For Canada, that dream is now very much alive. Tough games to come, tougher to hopefully follow. There comes a time in any team that the meticulous work done behind-the-scenes; the preparation, cohesion, planning, all needs to lead to something on the pitch. For this Canadian team, right now, it’s go time. The business end of their season. It starts with Aruba on Saturday June 5th and Suriname on Tuesday June 9th. Progress through that and then a two-legged tie in round two, games on June 12th and June 15th, to book their place in the Royal Rumble of Concacaf World Cup qualifying. The Octagon.
Fourteen games in seven months, from September 2021 to March 2022, against the best this region has to offer. There will be trips to hostile environments, where locals will clamour to see the likes of David and Davies and throw anything they can think of at them. At times it will be horrible. There will be a lot of pain and suffering, but it is exactly what this group needs right now so they can grow together in pursuit of one of the prized top three and a half spots (the team finishing fourth faces a continental playoff to make the World Cup).
If Qatar is the ultimate destination, the journey is the ultimate test, far more important at this stage than any tickets it can book for November 2022. There are no more powerful words placed together in the sport than ‘World Cup’ and any connections it has to this team, and the possibility of getting to one, will bring far more notoriety and attention from the casual soccer fans and businesses in this country.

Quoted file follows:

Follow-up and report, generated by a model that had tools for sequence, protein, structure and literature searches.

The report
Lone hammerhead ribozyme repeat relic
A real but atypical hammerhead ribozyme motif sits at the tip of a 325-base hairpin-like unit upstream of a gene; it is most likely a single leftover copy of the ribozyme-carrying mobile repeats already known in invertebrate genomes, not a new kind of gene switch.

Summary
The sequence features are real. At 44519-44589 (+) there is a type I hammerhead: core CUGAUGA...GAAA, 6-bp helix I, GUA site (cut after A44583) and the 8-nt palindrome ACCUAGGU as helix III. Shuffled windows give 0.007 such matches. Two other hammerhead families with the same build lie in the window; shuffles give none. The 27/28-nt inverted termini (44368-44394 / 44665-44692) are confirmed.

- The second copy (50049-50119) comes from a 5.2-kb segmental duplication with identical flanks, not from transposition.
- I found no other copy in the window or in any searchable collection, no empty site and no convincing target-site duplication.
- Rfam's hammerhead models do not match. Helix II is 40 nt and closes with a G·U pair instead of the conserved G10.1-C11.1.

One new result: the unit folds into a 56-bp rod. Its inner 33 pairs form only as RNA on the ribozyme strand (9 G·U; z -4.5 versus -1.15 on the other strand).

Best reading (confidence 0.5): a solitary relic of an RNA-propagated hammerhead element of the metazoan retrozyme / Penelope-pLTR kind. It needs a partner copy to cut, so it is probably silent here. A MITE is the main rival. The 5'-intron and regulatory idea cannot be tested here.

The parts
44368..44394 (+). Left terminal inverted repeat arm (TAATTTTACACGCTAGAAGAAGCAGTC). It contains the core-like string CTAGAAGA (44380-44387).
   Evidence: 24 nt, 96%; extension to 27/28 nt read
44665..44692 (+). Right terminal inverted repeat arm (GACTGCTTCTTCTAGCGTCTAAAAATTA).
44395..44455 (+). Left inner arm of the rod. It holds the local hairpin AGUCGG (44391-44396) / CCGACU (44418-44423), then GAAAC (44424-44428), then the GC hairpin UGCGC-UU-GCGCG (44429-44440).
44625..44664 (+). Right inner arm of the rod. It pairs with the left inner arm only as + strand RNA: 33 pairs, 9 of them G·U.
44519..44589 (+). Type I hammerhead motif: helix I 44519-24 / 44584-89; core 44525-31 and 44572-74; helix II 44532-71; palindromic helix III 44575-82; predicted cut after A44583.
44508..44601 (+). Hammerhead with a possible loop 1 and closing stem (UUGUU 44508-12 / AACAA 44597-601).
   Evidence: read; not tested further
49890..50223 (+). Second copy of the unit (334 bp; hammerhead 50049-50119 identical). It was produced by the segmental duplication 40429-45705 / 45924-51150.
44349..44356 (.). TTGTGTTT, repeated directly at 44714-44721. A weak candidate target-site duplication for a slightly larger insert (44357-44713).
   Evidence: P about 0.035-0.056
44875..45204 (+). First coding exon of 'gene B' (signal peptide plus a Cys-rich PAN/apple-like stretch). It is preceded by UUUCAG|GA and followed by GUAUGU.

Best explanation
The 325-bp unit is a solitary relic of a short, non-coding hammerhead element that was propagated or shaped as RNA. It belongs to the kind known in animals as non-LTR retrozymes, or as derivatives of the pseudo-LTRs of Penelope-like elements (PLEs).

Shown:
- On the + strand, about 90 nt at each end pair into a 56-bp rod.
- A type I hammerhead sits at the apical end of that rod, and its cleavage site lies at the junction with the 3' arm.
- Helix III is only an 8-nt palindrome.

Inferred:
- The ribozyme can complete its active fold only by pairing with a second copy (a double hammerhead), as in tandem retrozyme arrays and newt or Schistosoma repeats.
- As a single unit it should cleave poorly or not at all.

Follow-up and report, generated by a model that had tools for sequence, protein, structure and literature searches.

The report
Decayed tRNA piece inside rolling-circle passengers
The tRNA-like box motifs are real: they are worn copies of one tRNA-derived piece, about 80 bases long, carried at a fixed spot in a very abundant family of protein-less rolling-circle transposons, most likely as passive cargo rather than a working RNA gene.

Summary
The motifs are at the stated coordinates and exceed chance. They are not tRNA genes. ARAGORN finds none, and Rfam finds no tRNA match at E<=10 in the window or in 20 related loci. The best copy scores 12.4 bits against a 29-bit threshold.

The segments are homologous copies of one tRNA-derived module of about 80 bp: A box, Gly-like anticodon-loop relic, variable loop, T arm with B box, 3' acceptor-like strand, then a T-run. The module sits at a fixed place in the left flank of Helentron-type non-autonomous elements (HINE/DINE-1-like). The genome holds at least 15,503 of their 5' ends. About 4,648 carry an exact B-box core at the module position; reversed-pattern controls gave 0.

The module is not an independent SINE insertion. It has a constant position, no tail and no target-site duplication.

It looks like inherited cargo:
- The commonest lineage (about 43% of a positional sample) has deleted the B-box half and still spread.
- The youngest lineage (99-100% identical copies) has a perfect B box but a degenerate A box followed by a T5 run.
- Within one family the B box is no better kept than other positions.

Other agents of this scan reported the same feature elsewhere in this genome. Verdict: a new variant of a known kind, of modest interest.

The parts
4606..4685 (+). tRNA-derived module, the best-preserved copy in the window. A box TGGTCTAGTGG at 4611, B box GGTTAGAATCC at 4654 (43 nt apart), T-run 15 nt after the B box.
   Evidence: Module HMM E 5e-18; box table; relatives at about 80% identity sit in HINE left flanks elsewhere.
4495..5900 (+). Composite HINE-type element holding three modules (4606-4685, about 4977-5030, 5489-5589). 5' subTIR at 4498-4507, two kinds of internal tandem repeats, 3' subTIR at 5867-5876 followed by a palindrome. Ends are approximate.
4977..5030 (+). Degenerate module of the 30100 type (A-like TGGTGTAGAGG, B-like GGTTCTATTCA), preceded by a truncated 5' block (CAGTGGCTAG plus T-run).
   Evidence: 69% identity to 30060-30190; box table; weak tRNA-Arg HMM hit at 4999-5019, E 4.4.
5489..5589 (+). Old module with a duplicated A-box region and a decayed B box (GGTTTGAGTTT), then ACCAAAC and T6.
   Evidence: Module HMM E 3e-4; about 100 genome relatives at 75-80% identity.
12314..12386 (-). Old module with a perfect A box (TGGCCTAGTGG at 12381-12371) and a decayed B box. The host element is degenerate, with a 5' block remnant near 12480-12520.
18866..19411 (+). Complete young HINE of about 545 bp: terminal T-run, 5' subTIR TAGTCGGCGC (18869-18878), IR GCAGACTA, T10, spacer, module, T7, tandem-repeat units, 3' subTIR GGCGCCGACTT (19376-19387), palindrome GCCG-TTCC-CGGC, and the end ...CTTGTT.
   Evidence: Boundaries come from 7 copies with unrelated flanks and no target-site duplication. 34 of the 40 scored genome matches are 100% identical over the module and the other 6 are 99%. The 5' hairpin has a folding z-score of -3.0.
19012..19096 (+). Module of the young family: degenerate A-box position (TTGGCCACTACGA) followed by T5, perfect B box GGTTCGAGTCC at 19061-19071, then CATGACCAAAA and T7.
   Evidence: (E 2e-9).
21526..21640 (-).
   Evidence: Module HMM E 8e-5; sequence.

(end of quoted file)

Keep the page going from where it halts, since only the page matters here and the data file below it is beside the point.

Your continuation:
An opening match against Honduras at home, hopefully back in Canada, to start it off in September. USA, Mexico and Jamaica all away before the end of October. These are no longer games pencilled in like a fantasy that could come to fruition. This is now an absolute requirement for this team. Smashing inferior teams was fun, but nothing worth having comes easy. This is now where they believe they belong and yearn to be.
You can only beat who is in front of you, but it is the true tests that elevate the true sense of accomplishment, and with many young players at the core of this group seeing their own reputations rise because they are overcoming significant challenges at the club level, it is only natural for them to crave challenges like the final round of qualifying and allow us all to see them suffer and soar through it. For many it will be their only opportunity.
In 2026, some of these players will likely be playing on Canadian soil in a World Cup, automatically qualifying as hosts. They will not have this chance in that cycle to play the best in the region and prove they belong in true competitive matches. As a country the men’s team have not reached the final round of qualifying in this region since 1998. Those in charge know that streak has to end now.
Said Herdman: “These men collectively have to step forward and carry the Canadian flag to the heights they have at the club level. This generation of players can be that generation to take it to the next level. It is their time now. They can be the group of guys that can make a difference.”
Four games. Eleven days. The pressure is on but that is nothing more than a shadow of opportunity. This team missed that in 2019. There will not be another chance like this. What a privilege. Time to make it happen, Canada.
Catch the Canadian men’s national team in World Cup Qualifying action on June 5 vs. Aruba (7:30PM ET) and Suriname (June 8, 9:05PM ET), only on OneSoccer – SUBSCRIBE HERE.